Common Oceans

Bronwyn Maree has been finalizing logistics, ahead of next week’s Peru workshop (including many last minute changes to bookings). She also prepared presentations, a template for other people to present, and had a project catch-up Skype meeting to ensure the various projects under BirdLife International and BirdLife South Africa are aligned. Nini van der Merwe finalised some outstanding workshop reports. Philip Augustyn completed daily harbour visits, prepared a new translator and completed a Port-based Outreach (PBO)  interview with a foreign tuna longliner in CT harbour. Makhudu Masotla joined him on some of these visits, as part of his internship training. He updated the PBO visit databases and made minor updates to the photo database of transshipment images. A recruiting process for additional interpreters has begun for the upcoming fishing season.

Albatross Task Force

Reason Nyengera has been working on the annual report for the Royal Society for the Protection of Birds. Philip continue to train Makhudu as an observer for pelagic longline trips, assisted in managing the ATF’s pelagic longline database and finalized points for review by Andrea Angel.

Coastal seabirds

Andrew de Blocq, with support from Makhudu, focused on addressing the issues regarding Swift Terns nesting at the V&A Waterfront. This has involved site visits, discussions about potential collaboration with the newly-appointed V&A Wildlife Manager, and meetings with V&A executives and other stakeholders. Andrew also represented BirdLife South Africa at a high school outreach activity at the Two Oceans Aquarium. Taryn Morris developed a high level project proposal on an ecosystem approach to fisheries management for small pelagics, which she presented to the Responsible Fisheries Alliance Projects Working Group. She also worked on analysing non breeding data to present at the upcoming LAB conference in Langebaan. Christina Hagen met virtually with the group in Plettenberg Bay that is assisting with investigations into establishing a new penguin colony. She also processed camera-trap images for both new colony sites (de Hoop and Keurbooms), to quantify potential penguin predators at each site.


Nini and Makhudu went to the SANAP warehouse to set up a station for dyeing the bait that will be used in the upcoming bait uptake trials on Marion Island. Nini, Andrea and Ross Wanless put together a comprehensive list of materials required for the Marion research, and started the process of sourcing suitable suppliers, and Nini lead the compilation of an animal ethics application. Andrea also conducted interviews for the two-person team that will be doing important research in the lead up to the planned mouse eradication at Marion Island, planned for 2020. Ross Wanless was heavily involved in Marion and Common Oceans work this week, but also found time to assist Mark Anderson’s efforts to develop a prospectus for a new Cape Town office for BirdLife South Africa and to attend to multiple reporting and admin priorities.



Mark Anderson, Hanneline Smit-Robinson, Robin Colyn and Carina Coetzer participated in the quarterly Ingula Partnership Steering Committee meeting. Linda van den Heever joined them for a larger external workshop at Ingula. Presentations were made at both meetings. The Terrestrial Bird Conservation Programme announced ground-breaking news on the discovery of a South African breeding site for White-winged Flufftail through the findings of BirdLife South Africa’s Robin Colyn and ecologist Alastair Campbell’s cleverly designed camera trap system. This changes everything we know about White-winged Flufftails up to now. Linda van den Heever met with Carina van Rooyen from the Africa Centre for Evidence on how to conduct a systematic review. Melissa Whitecross developed media content for the breaking White-winged Flufftail news story and, along with Hanneline and Linda, attended organising committee meetings for Flock on the West Coast 2018 and the annual Flufftail Festival.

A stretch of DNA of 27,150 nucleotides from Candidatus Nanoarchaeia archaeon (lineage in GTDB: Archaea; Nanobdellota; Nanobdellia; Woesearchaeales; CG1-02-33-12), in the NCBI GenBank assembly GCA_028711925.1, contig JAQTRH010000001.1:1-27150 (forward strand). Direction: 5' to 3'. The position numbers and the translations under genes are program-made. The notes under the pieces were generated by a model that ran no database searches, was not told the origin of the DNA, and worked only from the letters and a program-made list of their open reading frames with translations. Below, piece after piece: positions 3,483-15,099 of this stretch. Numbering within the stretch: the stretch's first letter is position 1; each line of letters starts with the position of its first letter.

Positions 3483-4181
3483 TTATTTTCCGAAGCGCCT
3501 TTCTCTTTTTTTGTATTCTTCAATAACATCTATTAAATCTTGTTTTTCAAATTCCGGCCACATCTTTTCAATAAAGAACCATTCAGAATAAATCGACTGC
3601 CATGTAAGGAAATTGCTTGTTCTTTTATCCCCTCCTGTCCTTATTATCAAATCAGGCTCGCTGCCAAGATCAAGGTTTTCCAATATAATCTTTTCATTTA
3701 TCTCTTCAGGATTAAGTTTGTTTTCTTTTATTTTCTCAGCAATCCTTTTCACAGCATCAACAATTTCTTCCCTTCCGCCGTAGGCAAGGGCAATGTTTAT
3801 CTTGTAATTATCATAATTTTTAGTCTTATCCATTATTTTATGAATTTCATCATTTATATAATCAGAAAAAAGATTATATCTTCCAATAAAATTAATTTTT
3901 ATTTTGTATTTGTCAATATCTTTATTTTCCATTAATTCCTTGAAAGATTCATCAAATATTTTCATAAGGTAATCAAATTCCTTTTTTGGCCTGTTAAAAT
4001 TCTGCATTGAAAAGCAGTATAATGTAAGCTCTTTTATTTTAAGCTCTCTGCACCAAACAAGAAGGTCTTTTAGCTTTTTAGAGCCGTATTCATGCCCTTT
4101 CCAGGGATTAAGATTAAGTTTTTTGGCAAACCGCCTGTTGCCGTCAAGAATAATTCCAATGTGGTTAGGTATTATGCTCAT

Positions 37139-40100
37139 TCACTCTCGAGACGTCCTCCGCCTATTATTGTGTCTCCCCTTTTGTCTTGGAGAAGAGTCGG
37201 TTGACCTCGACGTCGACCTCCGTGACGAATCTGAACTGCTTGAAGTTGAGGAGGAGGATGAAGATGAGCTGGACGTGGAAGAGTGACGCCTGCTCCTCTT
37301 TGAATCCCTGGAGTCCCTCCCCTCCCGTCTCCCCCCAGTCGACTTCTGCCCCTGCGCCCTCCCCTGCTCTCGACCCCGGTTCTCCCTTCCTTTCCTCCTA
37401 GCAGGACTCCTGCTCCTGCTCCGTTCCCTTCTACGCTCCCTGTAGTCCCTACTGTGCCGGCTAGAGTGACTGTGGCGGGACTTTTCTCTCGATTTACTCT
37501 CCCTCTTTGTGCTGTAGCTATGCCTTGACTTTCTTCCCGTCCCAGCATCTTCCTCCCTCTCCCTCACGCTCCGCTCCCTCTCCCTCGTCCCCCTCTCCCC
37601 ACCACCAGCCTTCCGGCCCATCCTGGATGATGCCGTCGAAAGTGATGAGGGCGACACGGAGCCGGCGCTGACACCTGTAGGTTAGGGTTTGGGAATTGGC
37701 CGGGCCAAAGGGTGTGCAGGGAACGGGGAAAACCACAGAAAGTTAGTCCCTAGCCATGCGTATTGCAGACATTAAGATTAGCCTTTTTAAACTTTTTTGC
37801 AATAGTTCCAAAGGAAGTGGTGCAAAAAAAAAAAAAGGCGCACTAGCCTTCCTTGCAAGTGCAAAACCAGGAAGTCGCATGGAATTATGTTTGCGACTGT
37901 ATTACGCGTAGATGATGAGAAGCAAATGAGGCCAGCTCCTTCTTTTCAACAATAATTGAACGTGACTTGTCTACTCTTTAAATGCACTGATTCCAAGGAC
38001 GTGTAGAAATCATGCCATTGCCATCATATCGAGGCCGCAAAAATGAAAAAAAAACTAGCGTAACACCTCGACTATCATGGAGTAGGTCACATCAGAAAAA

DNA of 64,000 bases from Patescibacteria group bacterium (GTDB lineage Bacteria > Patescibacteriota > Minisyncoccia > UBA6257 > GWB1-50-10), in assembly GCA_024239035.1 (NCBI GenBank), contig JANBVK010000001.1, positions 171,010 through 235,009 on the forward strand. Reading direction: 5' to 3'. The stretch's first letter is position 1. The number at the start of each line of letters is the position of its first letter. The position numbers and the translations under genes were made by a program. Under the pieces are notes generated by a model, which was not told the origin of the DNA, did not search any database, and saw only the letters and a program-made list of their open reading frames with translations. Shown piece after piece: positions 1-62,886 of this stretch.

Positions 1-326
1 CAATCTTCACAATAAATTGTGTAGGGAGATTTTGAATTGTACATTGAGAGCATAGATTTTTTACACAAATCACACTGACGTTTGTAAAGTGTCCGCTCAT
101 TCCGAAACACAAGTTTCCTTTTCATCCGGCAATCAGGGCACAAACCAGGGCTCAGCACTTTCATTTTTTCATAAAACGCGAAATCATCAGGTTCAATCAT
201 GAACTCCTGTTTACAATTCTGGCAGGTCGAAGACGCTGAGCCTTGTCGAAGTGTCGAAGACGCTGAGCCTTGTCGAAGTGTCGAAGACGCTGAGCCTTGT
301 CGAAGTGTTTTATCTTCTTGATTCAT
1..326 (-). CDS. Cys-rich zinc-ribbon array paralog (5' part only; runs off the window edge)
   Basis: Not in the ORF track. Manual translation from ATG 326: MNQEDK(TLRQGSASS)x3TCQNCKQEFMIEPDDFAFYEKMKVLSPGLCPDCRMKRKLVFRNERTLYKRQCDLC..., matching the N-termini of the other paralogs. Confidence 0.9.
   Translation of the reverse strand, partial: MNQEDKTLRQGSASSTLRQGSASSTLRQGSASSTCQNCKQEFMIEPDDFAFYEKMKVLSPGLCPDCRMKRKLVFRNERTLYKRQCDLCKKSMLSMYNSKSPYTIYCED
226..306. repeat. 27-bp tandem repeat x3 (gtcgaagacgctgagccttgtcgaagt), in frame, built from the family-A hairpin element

Renewable energy

Sam Ralston and Andrew Jenkins met with the CSIR to discuss the scope of avifauna study that is necessary to inform the second phase of the Strategic Assessment for Wind and Solar Energy. Sam also met with Jon Smallie, Andrew Jenkins (avifaunal specialists), Gareth Tate (EWT), Ben Brimble and Katherine Persson (Windlab) to discuss additional studies to help address potential vulture issues at some of Windlab’s unbuilt, but approved wind farms. Sam also reviewed a manuscript submitted towards the Conference on Wind Energy and Wildlife Impacts 2017 Proceedings and updated BirdLife South Africa’s brochure on birds and wind energy.



Landscape Analysis & Project Development

Dale Wright has been reviewing various pieces of environmental legislation, including the “Spatial Planning and Land Use Management” Act, National Forests Act and Mountain Catchment Areas Act, investigating the potential land protection offered, as well as reviewing information for the call for proposals to the Green Climate Fund, being implemented by SANBI.

Estuary IBA Conservation Project

Approval has been received for a funding application which BirdLife South Africa has been facilitating for the Nuwejaars Wetland Special Management Area (NWSMA). The project, being funded by the WWF-SA Elizabeth Harding Bequest for bird conservation, will be focused on bird habitat rehabilitation initiatives within the Agulhas Plain-Heuningnes Estuary IBA. The NWSMA is a biodiversity stewardship initiative involving a number of private landowners in the Agulhas Plain IBA.